When a story describes a picture of two separate groups with a gap between them, the reality is often not polarized at all. Usually the majority is right there in the middle, where the gap is supposed to be.
Many investors define themselves as either value-oriented or growth-oriented, where in the former definition, the investor focuses on accounting fundamentals, and in the latter, the investor focuses on the product or service and whether it will become popular in time. But I think the two definitions are complementary - a great investor looks at both the numbers and the product behind them.
“Information about bad events is much more likely to reach us. When things are getting better, we often don’t hear about them,” notes Hans Hasling, author of Factfulness. As an example, I purchased the stock of Patterson Companies amidst negative news about the company and its future. Wall Street analysts commented that management had eliminated the dividend payout policy, that the CFO had resigned and that the earnings guidance decreased. But as I wrote in The one advantage of short term thinking: A cheap stock price, one a 15-year comparison, the company's did fairly well.
Let us now summarize 15 years of operations: revenue increased to $5.6 billion from $1.7 billion, an increase of 229%. Earnings increased to $171 million, or $1.79 per share, compared to $119 million, or $1.75, an increase of 43%. And the number of outstanding shares only grew by 10%, to $92.6 million from $86 million. And a few more praiseworthy notes: the company did not report a single year of loss in earnings; since 2010, it had returned $615 million in dividends (at purchase price of $23 per share, the dividend yield is over 4%), and PDCO operates in an industry where time is your friend. Read: the need for dental and veterinary products is likely to increase with time.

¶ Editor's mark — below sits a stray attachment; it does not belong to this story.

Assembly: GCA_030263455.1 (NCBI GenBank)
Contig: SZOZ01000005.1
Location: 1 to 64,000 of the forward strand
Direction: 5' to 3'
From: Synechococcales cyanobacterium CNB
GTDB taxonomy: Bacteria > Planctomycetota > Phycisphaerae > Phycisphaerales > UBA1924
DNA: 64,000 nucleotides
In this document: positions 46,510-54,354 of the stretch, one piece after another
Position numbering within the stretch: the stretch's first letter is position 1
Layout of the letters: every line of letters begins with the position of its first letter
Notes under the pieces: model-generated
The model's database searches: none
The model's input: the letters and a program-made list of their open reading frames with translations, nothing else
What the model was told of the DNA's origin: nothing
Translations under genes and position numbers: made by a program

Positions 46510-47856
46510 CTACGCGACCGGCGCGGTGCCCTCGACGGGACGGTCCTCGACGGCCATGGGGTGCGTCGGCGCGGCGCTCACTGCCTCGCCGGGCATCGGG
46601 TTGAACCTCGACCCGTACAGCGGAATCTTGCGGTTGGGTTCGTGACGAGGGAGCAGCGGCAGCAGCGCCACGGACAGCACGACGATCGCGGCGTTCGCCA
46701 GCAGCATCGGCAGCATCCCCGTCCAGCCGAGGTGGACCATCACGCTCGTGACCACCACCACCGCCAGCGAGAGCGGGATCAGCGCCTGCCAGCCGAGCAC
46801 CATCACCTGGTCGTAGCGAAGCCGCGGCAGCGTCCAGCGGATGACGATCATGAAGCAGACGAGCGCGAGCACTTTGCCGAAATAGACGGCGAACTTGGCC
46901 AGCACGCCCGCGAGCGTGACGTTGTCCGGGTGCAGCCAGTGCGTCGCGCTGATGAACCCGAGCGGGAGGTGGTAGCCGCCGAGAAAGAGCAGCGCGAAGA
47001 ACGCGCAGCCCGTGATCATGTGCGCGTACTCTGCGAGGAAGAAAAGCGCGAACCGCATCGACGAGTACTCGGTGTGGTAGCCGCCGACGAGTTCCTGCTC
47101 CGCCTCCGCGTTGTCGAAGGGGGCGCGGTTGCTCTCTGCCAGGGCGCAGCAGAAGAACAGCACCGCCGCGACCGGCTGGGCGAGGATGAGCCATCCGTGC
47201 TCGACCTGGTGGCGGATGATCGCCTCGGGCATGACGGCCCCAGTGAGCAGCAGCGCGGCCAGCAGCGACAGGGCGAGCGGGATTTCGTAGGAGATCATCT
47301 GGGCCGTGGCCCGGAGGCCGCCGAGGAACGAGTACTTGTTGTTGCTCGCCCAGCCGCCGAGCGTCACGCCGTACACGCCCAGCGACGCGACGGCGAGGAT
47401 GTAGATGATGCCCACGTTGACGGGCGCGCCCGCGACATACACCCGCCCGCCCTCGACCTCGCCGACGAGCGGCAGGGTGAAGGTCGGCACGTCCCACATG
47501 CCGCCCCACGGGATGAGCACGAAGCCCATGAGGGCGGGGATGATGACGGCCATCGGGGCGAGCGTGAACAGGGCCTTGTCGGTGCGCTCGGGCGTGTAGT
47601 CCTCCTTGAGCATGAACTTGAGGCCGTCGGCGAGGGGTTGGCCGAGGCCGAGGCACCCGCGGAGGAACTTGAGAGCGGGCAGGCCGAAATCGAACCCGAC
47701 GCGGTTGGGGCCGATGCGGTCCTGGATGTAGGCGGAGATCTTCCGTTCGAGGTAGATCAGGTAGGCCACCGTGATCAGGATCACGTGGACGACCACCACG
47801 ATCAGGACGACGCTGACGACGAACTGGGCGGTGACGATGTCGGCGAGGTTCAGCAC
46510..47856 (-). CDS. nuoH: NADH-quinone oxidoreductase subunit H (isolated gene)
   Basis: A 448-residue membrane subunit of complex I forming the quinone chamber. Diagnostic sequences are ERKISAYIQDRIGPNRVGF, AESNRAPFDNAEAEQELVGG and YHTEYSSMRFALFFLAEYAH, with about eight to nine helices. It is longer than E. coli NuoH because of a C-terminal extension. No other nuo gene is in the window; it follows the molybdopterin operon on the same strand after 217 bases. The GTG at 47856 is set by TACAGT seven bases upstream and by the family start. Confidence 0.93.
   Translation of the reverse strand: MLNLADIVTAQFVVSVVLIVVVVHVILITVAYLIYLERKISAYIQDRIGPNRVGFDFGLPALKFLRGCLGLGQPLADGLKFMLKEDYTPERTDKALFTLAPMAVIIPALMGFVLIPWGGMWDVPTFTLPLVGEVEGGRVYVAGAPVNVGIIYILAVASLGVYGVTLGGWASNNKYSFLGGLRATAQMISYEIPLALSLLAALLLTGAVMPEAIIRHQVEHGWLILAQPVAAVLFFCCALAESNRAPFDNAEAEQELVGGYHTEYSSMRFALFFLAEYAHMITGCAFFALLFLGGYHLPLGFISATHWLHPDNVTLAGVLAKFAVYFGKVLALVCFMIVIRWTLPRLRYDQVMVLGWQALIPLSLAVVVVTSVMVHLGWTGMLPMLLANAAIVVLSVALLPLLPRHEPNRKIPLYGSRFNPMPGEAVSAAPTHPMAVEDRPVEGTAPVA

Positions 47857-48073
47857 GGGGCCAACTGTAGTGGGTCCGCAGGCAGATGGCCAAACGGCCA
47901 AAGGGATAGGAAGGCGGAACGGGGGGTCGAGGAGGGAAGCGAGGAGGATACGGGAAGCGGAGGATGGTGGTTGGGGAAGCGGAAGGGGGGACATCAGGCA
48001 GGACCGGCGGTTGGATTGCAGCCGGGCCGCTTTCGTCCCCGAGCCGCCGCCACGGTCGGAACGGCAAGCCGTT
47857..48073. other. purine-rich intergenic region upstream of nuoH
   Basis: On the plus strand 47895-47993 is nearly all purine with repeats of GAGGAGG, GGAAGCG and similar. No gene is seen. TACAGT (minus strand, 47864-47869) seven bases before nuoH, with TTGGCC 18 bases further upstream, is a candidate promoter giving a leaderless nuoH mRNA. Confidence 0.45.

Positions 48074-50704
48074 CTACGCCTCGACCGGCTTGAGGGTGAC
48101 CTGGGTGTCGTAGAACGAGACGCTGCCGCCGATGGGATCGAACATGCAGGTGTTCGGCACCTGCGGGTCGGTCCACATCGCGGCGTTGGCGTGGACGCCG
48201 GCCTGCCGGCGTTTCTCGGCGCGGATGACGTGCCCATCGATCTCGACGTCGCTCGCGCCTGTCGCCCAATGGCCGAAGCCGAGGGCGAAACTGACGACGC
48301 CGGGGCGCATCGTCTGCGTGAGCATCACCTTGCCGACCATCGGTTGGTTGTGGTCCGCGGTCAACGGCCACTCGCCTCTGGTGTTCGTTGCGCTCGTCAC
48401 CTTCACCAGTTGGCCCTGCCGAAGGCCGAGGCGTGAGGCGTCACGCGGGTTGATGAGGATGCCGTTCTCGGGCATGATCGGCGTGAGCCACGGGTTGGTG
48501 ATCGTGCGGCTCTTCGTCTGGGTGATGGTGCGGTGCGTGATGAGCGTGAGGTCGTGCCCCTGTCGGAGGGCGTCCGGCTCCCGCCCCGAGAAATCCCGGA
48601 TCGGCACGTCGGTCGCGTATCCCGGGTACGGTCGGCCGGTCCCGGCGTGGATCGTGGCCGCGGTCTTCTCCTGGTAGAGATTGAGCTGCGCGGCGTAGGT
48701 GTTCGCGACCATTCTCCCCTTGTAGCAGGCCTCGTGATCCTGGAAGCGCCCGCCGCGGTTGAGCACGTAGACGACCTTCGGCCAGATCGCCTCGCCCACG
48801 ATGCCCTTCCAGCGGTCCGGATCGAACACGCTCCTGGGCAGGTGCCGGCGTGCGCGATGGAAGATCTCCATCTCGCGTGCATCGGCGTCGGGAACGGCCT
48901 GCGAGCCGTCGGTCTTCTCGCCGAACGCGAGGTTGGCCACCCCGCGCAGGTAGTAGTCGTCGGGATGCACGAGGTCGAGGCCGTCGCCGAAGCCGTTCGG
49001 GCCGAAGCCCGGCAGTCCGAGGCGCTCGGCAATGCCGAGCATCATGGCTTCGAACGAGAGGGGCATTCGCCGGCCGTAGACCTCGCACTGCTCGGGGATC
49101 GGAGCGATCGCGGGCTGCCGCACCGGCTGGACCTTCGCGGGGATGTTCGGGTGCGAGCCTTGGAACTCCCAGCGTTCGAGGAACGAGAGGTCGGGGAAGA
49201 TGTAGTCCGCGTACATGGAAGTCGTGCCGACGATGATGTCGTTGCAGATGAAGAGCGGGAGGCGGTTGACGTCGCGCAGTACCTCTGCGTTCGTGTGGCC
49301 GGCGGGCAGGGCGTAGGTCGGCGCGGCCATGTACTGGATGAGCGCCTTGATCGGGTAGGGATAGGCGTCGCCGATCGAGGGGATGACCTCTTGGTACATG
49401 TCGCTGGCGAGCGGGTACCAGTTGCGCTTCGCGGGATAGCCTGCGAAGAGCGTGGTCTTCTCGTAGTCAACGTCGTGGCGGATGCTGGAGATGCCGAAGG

A line will not necessarily continue to be straight. Straight lines, in reality, are rare. Think of a person’s weight or height as an example - when there is a gradual increase each year but eventually the growth stops. Capital markets often behave as if the price direction of a stock will either go down or up for perpetuity. Another example, from my portfolio of stocks: when I bought the stock of Vitamin Shoppe in September 2017 for $5, it had declined in price since February 2013. And the price decline didn’t stop with my purchase. I saw the value of position decline by 30% before the stock price recently changed its course.
Frightening things get our attention, but they are not necessarily the most risky. “To control the fear instinct,” notes Hasling, “calculate the risk.”
Friends often ask whether it frightens me to see my net worth fluctuate with the movements of the capital market. But I don’t know of a better location to park savings than the U.S. stock market. The mattress of my bed is susceptible to theft; investing in fixed instruments, such as bonds and Treasuries is sensitive to the interest rate environment, and storing cash in a local’s bank savings account will expose you to inflation and will likely hurt your purchasing power in the long term. And while Indian culture may think differently, even buying gold, historically at least, has provided less than an adequate return. In Why Stocks Beat Gold and Bonds, Warren Buffett writes comments on this issue.